To Spank or Not to Spank?
Spanking versus whipping or beating as a form of discipline is a much debated topic when it comes to raising children. The debate tends to set out to defend one's beliefs or define what is acceptable and what are the boundaries when it comes to giving feedback to children about negative behaviours that we'd like them to change.
Some proponents of spanking argue that it does no harm but rather helps to strongly send a message to a wayward child that you are serious and that negative behaviour has to stop.
Those who are against spanking argue that it is a form of physical abuse and violence against children. They argue that it is teaching children to be bullies and that the only way to resolve an issue is with violence.
Then there are those who are on the fence; maybe because they were spanked as a child and perhaps have on occasions spanked their children. They believe that as parents they have the right to utilize all measures to ensure positive behaviour in their children. They may argue that they were spanked as children and grew up to be decent, contributing members of society, therefore no harm was done. They see no problem with continuing the same form of discipline.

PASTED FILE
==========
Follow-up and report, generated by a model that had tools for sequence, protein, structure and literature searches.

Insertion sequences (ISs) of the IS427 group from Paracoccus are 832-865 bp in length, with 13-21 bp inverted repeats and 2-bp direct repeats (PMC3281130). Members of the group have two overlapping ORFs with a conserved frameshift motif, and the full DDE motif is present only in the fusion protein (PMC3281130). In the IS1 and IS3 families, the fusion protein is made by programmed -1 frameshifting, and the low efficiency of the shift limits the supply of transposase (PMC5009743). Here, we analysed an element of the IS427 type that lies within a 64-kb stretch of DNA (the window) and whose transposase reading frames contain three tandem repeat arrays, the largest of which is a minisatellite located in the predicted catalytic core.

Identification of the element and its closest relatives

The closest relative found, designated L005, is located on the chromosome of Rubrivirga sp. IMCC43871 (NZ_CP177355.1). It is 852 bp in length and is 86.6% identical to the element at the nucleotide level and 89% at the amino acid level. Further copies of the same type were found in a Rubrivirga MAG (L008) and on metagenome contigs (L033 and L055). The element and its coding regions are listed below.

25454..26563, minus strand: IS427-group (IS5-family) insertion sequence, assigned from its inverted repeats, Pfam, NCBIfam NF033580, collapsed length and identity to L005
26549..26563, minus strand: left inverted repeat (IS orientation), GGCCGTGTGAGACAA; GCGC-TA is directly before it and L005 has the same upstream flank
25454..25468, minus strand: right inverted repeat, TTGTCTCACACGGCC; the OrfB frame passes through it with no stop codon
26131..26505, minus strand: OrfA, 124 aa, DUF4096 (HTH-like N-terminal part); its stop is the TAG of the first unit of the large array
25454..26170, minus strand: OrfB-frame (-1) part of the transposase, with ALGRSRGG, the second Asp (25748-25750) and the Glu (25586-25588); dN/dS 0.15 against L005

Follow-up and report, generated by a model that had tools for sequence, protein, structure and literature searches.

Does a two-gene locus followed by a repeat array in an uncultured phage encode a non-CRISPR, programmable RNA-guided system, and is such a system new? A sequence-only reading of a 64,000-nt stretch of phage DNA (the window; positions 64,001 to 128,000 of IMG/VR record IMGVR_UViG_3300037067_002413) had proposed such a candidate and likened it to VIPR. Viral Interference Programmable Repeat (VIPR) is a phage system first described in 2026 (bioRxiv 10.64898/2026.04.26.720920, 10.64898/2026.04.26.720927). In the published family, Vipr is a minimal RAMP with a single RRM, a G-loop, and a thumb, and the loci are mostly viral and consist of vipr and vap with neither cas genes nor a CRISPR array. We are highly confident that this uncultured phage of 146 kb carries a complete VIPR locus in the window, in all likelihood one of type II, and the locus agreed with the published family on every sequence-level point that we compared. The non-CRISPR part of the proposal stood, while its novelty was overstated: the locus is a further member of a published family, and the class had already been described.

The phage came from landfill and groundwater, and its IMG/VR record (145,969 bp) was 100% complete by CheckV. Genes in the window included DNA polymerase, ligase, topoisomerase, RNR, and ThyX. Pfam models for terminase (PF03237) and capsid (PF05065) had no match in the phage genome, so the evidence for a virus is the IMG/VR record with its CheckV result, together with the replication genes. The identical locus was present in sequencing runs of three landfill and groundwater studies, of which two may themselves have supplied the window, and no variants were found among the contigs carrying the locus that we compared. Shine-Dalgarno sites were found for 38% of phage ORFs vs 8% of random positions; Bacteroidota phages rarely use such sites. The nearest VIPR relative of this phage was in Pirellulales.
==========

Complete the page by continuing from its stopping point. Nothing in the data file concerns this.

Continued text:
Finally, there are those who lack the patience or the parenting skills necessary to raise children and they use severe forms of punishment on their children, causing physical and emotional harm. This latter form of punishment is most likely defined as a beating and is described as child abuse.
The difference between a spanking and a beating is not always very clear and the difference is often a contentious issue in the debate about punishment and discipline of children. The online Dictionary defines a spanking as:
- the act of slapping on the buttocks;
- Spanking is a form of corporal punishment that generally consists of striking the buttocks. The recipient is most often a child or teenager. ...en.wikipedia.org/wiki/Spanking
- A form of physical punishment in which a beating is applied to the buttocks;
- An incident of such punishment, or such physical act in a non-punitive context, such as a birthday spanking; Relating to spanking(s); e.g. inclined to punishment by spanking;
- An intensifier; Fast and energetic; Brisk ...en.wiktionary.org/wiki/spanking